by KearaMH, July 11, 2018

I have watched my fair share of KDramas. I’m definitely not the most prolific drama viewer but I’ve made my way around, and, as an amateur writer and critic, I feel like I have some know-how on what makes a good drama tick. If there’s anything I’ve noticed in my years of drama-watching, it’s that, while plot is important, it’s really the characters that drive a show. If a writer can create interesting characters that viewers relate to and feel emotion for, then viewers will stay engaged. So, in this chapter of KDramas 101, we'll be discussing how to create engaging characters, and I'll show you some examples of characters that I thought were written especially well.

WARNING: Spoilers ahead for Misaeng, Boys Over Flowers, I Remember You, Goblin, and Save Me!

One thing that is very important in creating engaging characters is letting them change over time. Static characters are not interesting. It’s no fun watching the same characters do the same things episode after episode. A writer can only portray a dynamic plot with dynamic characters. I think that the easiest way to do this is to allow the story to affect the characters. This seems obvious enough, but I think we've all watched shows where, no matter what happens, the characters don't seem to change. They often don't respond to things like real people would, which just doesn't fly.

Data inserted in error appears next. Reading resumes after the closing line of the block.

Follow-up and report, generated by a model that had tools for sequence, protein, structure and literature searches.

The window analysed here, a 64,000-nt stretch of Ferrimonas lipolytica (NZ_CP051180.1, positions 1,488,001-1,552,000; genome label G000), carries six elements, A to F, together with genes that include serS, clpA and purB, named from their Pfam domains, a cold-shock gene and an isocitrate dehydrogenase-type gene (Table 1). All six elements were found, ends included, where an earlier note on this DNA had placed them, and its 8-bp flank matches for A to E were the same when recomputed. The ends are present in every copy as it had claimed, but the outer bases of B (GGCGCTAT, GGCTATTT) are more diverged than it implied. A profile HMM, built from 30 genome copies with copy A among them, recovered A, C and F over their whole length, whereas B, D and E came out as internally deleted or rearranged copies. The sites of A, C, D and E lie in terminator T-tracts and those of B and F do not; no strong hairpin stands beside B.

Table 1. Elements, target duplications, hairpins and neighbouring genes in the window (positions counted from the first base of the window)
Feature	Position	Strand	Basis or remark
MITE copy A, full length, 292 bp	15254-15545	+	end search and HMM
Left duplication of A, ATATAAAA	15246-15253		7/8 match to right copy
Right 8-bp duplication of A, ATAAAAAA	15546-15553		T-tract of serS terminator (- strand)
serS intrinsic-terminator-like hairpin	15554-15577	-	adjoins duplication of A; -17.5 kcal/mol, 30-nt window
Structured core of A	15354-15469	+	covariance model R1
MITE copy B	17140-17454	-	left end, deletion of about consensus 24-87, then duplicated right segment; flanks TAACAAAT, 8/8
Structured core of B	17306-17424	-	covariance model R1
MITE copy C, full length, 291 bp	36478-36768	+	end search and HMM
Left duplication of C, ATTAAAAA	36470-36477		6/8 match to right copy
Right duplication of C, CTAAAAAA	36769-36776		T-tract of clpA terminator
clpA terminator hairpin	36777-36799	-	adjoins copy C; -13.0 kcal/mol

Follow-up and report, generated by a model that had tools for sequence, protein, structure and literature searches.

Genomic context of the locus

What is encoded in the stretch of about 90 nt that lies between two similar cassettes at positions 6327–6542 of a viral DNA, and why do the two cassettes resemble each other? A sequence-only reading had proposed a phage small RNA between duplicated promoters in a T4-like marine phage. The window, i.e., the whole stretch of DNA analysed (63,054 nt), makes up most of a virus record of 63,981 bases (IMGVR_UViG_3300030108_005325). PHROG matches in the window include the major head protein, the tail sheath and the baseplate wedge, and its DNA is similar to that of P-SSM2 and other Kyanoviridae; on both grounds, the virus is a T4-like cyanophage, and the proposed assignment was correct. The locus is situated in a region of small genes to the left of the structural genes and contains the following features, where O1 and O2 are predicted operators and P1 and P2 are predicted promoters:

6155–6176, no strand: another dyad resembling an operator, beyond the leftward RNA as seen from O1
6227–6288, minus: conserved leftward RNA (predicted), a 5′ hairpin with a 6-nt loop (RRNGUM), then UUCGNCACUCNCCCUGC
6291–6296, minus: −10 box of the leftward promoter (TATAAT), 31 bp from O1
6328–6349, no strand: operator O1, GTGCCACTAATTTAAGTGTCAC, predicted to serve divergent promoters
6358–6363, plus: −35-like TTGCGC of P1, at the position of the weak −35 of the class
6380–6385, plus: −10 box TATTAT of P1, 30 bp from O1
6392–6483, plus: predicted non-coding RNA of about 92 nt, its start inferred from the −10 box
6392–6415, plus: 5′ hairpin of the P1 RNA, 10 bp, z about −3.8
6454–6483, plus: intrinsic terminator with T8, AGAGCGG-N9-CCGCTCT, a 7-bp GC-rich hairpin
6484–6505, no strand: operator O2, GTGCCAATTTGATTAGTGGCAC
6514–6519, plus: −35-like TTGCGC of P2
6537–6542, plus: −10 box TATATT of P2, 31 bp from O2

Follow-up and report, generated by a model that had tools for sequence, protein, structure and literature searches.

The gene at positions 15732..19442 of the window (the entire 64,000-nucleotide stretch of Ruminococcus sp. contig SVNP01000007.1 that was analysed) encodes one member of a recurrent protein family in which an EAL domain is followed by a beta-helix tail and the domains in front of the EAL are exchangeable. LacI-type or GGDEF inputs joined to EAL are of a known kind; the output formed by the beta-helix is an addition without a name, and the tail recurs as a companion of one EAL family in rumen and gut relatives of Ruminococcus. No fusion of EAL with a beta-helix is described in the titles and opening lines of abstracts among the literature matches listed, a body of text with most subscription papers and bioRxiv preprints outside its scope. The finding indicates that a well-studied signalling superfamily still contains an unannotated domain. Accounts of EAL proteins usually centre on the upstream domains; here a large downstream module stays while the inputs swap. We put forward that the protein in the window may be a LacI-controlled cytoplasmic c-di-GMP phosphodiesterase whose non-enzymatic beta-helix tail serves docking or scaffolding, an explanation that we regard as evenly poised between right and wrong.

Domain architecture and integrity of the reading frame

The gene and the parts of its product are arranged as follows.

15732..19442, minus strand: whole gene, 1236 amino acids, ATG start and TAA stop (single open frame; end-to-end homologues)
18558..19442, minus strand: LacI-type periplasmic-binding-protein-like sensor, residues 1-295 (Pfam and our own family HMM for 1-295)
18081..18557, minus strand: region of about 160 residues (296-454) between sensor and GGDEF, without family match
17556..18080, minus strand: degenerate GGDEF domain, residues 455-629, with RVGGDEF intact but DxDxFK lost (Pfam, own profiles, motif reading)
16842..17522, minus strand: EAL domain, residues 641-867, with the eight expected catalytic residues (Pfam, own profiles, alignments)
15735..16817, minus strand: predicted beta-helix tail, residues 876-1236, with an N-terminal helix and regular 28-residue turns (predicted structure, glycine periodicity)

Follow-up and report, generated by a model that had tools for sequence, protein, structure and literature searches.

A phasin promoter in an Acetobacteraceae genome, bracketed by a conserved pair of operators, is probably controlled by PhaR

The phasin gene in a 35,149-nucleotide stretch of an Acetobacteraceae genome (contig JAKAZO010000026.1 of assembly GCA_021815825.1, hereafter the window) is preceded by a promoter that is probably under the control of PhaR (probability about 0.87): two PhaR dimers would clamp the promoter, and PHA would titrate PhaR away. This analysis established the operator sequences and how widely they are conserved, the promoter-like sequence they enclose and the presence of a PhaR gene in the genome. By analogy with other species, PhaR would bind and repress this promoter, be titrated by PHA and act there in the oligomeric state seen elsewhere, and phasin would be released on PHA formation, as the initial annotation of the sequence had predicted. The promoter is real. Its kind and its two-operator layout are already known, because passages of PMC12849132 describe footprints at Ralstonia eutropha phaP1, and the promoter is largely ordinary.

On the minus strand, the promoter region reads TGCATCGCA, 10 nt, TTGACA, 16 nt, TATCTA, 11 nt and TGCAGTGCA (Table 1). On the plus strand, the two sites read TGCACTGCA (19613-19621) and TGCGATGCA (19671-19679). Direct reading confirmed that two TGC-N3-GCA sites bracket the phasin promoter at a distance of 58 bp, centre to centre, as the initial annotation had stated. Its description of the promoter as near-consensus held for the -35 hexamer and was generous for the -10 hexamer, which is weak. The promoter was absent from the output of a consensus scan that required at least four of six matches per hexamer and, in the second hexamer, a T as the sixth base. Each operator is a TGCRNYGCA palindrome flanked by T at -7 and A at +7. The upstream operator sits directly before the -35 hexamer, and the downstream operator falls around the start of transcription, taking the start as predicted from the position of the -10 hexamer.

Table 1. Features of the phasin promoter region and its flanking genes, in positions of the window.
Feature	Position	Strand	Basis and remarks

Misaeng has wonderfully dynamic characters. Geu Rae is a fish out of water to the extreme at the office. He’s a deep, emotional character, and he has a few core character traits. He’s hardworking, gullible, kind, and childlike, and while he maintains some of these characteristics through the end of the show, he matures a lot, too. He is obviously and lastingly affected by his experiences at the office. He earns respect by continuously impressing and outperforming his cohorts through sheer effort. Mr. Oh is mean to him, but after Geu Rae convinces his curmudgeon of a boss that he’s deserving of his employment despite his background and lack of education, they develop a real friendship. Their friendship doesn’t come from it being a plot point on a storyboard; it comes from their interactions and it develops over time. The suave, cool Geu Rae we see at the end of the show is a result of his experiences.